QUESTION: In the original show, Danno, very much the sidekick, sort of off to the side. McGarrett gets to do everything. Here it seems like more of a buddy piece. Was that by design? Was that just you seeing what Scott was doing in the pilot? Can you talk a little bit about that?

ALEX O’LOUGHLIN: Who’s the question directed to? I’m sorry?

QUESTION: The producers.

ALEX KURTZMAN: Go ahead.

PETER LENKOV: Well, I think, for me — when I sort of like dove into this thing and talking to Alex [Kurtzman] about what made the original show so good and so memorable was the cases week to week. I think what we wanted to do was really go into these characters, but we felt that — we felt we needed McGarrett to play off somebody. And I think when we started to think about the Danno character, the Danno character really felt like it would be a good foil in some ways, a good — you get some good drama out of the relationship if you have someone who is a fish out of water.

So really by design originally, it was that these two guys would be front and center in the show, McGarrett clearly leading the unit and Danno being his right-hand man, but really being an equal in terms of his experience and what he brings to the table. So really, yes, by design it was built that way.

QUESTION: And “Lost” did a lot for Hawaii. People went there. The original “Hawaii Five-0” also brought a lot of tourism there. The cooperation that you’re getting from, be it, the Hawaii tourism or the film office, is that all dedicated to bring bodies to Hawaii?

ALEX KURTZMAN: I think that Hawaii has been wildly receptive to bringing the show back. I think that the original series is a real point of pride for them. It’s a badge of honor. And I think that was something that we felt we had to respect and we had to — we had to make sure that the legacy endured in the right way. You know, I’m sure they’re happy that it will bring tourism — more tourism to Hawaii, but the nice thing about it is that I think people want to go to Hawaii on vacation anyway. So it’s interesting to me; like, we were cutting the show, and one of the editors said, “God, just” — she got this look on her face, and I said, “What?” And she said, “I just feel like I’m on vacation when I watch this show.” And I thought, “That’s great.” That’s exactly what you want, because hopefully at the end of a long day, you’ll come home and you’ll want to watch “Hawaii Five-0” just to escape.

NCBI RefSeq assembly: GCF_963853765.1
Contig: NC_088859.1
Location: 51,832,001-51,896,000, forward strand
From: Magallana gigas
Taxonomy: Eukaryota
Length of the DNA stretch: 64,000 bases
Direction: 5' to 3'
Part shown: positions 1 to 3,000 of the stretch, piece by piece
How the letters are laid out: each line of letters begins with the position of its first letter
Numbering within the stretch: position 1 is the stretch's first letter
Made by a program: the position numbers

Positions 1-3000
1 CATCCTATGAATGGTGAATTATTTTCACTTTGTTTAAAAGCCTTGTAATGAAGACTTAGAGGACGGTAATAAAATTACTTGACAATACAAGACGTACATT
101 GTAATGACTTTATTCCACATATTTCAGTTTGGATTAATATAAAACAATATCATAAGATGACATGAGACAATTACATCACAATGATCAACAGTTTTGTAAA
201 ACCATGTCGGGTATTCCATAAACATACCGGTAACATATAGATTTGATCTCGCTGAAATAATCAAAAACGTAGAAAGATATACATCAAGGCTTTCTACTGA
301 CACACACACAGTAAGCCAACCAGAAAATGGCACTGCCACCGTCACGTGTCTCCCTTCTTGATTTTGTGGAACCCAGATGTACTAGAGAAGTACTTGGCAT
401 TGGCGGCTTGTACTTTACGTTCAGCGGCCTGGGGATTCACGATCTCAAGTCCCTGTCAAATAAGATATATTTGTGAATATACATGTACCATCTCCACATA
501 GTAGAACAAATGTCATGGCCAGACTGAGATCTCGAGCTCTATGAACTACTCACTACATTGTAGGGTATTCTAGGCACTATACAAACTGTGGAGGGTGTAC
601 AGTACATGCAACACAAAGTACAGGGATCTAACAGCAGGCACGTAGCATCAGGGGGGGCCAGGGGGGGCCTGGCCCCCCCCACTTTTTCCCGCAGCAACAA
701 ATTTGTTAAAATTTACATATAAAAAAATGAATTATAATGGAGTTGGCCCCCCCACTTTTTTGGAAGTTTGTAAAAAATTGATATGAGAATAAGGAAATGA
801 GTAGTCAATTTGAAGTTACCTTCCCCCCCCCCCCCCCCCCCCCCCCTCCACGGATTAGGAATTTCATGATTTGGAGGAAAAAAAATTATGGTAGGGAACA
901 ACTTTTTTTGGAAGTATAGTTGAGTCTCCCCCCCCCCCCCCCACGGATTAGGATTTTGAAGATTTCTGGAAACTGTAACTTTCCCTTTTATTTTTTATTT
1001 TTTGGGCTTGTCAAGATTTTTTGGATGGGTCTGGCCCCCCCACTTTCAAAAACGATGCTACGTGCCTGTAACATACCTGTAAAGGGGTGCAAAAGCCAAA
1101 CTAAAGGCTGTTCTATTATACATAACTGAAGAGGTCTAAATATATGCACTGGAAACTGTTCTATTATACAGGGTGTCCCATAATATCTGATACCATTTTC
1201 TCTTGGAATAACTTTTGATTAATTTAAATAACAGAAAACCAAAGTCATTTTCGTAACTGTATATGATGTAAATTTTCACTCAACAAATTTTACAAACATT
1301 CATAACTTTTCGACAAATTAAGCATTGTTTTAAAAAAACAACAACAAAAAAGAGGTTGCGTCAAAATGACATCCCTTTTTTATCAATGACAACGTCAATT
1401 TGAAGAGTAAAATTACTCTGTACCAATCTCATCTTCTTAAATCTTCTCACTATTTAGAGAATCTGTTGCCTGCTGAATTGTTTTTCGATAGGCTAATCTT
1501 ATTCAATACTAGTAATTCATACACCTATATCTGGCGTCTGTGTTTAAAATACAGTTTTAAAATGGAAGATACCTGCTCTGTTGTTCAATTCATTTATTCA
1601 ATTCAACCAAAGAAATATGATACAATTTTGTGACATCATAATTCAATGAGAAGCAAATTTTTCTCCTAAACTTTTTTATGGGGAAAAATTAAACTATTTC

QUESTION: We’ve seen in recent years the rise of this type of television that we call blue-sky television, in cable especially with “Burn Notice” in Miami. And you talked a little bit about wanting people to feel like they’re on vacation when they watch this show, but the actual storylines and action seem pretty gritty and pretty intense. So are we going to see more of that lighthearted stuff come out in the show, or are you just hoping that the locale is going to communicate that?

ALEX KURTZMAN: A hundred percent yes, absolutely. The show is very lighthearted. A lot of it has to do with the banter between Danno and McGarrett. But the key for us is that the foundation had to be real. One of the first questions, I think, people ask is, “Why do this show now?” And the answer to that for us was that Peter walked in the door and said, “This is a show that is meaningful for me because it’s really about my relationship with my dad. My dad and I used to sit down” –By the way, I’m telling your story, if that’s okay.

PETER LENKOV: Sure.

ALEX KURTZMAN: But, you know, he said, “This is about my relationship with my father. We used to sit down every week, and we would watch this show. And it became sort of how we bonded.” And I think that in hearing the story, what struck us about it was that the spirit of “Five-0” is about a family. And for Peter to come in with a take that was so much about family felt like, “Okay, that’s a very good, honest, emotional reason to come into the show.” And it ended up, I think, leading to the storylines that we came up with for the pilot: a guy who had sort of been running away from his family for a long time, coming back home, and then having to rediscover that. And it felt like — you could make that about “Five-0,” or could you make it about something else. But that was a good story. That was just a good story. It certainly was a story that I would be engaged by. So the fact that we could put it in the context of “Five-0” was even better. And then it became about paying tribute to everything that the original “Five-0” was really about.